STUTTGART, Germany — The European Union is considering a new training mission aimed at providing more predictable and additional support to Ukraine in its defense against Russia.

The proposal was announced Tuesday, as EU defense ministers gathered for an informal meeting in Prague to discuss ways to boost the bloc’s defense investment, the influence of Russian activity in Africa, and Moscow’s aggression against Kyiv.

The goal is to provide “more value added” as well as “predictable and stronger support,” Josep Borrell, the EU’s High Representative for Foreign Affairs and Security Policy, said in a televised doorstop address to reporters, before entering the meeting Tuesday morning.

In a press briefing later in the day, he emphasized that while the ministers had not made any final decisions during the gathering, all member states agreed “clearly” to kickstart “the work necessary to define the parameters for an EU military assistance mission for Ukraine.”

Many member nations in the EU – as well as the United States – are already training Ukrainian troops, he noted. “But the needs are enormous, and we need to ensure the coherence of these efforts,” he added.

The bloc will move “swiftly” to support Ukraine’s needs, as directed by the country’s ministry of defense, Borrell said. “Some of the needs they explained to us today … could be better provided, pulling the capacities of the member states together and looking for the specialities of each one of them,” he added.

Officials present at the meeting were quick to deny that the proposed training mission should be seen as an aggressive move against Russia.

“A training mission outside of Ukraine is not a signal of warfighting,” Austrian Army Gen. Robert Brieger, the current chairman of the European Union Military Committee, told reporters.

The ministers also discussed efforts to boost European defense capacity, as member states deplete their stocks to keep Ukraine’s troops armed.

One such funding mechanism is the European Peace Facility (EPF), which was established in 2021 to support efforts that strengthen international security, with a current budget of about €5.7 billion (U.S. $5.72 billion).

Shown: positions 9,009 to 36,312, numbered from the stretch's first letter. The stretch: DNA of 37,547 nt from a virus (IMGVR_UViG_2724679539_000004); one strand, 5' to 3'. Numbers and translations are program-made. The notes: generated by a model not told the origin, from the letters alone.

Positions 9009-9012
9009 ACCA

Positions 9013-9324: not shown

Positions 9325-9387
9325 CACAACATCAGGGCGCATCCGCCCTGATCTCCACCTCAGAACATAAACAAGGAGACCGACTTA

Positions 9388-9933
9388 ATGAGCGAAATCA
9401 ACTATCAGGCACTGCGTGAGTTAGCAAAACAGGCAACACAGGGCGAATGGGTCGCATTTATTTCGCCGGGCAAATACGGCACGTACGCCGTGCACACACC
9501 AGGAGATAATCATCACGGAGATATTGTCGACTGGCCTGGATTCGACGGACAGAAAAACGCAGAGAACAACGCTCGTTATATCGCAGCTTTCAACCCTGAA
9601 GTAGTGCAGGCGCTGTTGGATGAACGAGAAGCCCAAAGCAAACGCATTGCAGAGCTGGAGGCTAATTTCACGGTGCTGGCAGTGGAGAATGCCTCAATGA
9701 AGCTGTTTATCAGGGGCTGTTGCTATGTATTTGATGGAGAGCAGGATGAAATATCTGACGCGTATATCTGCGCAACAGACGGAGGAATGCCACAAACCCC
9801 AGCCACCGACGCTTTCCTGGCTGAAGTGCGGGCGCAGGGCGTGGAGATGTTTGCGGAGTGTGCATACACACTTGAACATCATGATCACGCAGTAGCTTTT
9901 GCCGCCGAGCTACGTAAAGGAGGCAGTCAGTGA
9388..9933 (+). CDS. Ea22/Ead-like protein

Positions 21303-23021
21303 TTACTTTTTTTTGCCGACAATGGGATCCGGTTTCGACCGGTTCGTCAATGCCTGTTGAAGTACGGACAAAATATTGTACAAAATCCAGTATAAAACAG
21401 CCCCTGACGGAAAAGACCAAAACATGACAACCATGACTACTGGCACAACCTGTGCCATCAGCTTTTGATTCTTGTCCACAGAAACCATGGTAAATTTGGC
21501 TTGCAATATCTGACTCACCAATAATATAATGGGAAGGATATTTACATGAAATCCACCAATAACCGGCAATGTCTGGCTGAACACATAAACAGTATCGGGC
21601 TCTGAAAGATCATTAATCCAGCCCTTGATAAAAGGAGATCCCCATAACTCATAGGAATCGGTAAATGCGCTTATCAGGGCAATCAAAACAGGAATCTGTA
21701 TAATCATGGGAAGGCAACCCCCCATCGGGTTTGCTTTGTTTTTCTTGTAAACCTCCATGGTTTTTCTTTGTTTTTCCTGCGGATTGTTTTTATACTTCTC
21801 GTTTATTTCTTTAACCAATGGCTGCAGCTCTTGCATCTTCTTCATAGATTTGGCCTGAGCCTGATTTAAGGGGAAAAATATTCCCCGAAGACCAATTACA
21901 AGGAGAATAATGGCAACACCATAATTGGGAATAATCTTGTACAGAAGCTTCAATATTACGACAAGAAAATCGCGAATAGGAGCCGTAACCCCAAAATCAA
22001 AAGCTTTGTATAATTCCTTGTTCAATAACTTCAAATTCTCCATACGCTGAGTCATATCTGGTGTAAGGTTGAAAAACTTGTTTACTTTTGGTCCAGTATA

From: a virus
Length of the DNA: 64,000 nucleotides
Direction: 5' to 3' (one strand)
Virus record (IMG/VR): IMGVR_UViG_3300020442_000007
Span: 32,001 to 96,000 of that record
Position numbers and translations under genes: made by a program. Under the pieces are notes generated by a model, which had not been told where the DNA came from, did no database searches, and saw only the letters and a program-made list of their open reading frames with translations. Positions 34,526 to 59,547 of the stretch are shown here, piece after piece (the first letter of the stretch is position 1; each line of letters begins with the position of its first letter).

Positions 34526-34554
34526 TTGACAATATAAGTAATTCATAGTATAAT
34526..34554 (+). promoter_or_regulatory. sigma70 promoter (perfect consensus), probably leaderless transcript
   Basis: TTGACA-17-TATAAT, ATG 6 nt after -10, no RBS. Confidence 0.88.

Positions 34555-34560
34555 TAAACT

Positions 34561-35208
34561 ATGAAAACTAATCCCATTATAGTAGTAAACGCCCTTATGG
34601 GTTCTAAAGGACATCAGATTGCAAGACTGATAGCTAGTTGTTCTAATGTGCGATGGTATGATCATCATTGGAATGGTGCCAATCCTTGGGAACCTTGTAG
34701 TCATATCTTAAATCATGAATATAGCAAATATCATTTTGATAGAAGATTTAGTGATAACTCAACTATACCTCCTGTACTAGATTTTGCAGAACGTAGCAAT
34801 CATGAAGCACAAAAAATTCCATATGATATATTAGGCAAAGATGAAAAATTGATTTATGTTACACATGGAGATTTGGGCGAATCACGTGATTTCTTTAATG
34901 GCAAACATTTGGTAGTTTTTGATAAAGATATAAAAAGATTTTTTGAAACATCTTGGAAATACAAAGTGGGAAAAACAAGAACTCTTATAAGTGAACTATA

About €2.5 billion of that has so far been reimbursed to member states to replenish their stockpiles that were sent to Ukraine, Borrell said. A decision will be made by next spring about how to support the fund if – or when – it is emptied, he added.

“The European Peace Facility has a budget of €5.7 billion, so we are far from exhausting it,” he noted.

Borrell said he and European Commission President Ursula von der Leyen used the meeting to encourage member states to foster joint procurement, increase defense expenditures, and buy more equipment to keep industry production lines moving.

“For that, we have set up a task force to support member states and coordinate their very short-term needs in order to refill their stocks of arms,” Borrell said. The European Commission has earmarked €500 million (U.S. $501 million) from the EU’s budget over the next two years specifically for joint procurement efforts, he added.

“We are taking concrete and historical actions to ensure that the increases in defense spending will result also in an increase of more efficient spending,” Borrell said. “It is not only about spending more, [but also] about spending better. And in order to spend better, the best way is to spend more together.”

Nathalie Loiseau, a member of the European Parliament from France who sits on the Subcommittee on Security and Defense, hailed the “great progress” the EU has made in sending equipment to Ukraine since the start of the war in February.

“Providing military equipment has been something that the European Union was not doing before,” she told reporters. “We have to stay the course and keep on being able to refurbish our own stockpiles, and provide the appropriate military equipment to Ukraine.”

Some member states readily expressed support for the proposed military training mission Tuesday.

“You would think that maybe they [the Ukrainians] could teach us a number of things,” Loiseau noted. “But they need to bring new people to the frontline, and we have to help them.”

Estonia, which is already training Ukrainian forces, is prepared to participate in the proposed mission as well, said Defense Minister Danno Pevkur in a press release following the meeting. “However, it is important that this mission would complement the weapons aid to Ukraine and go hand in hand with the already operational training activities,” he added.

Vivienne Machi is a reporter based in Stuttgart, Germany, contributing to Defense News' European coverage. She previously reported for National Defense Magazine, Defense Daily, Via Satellite, Foreign Policy and the Dayton Daily News. She was named the Defence Media Awards' best young defense journalist in 2020.

More In Europe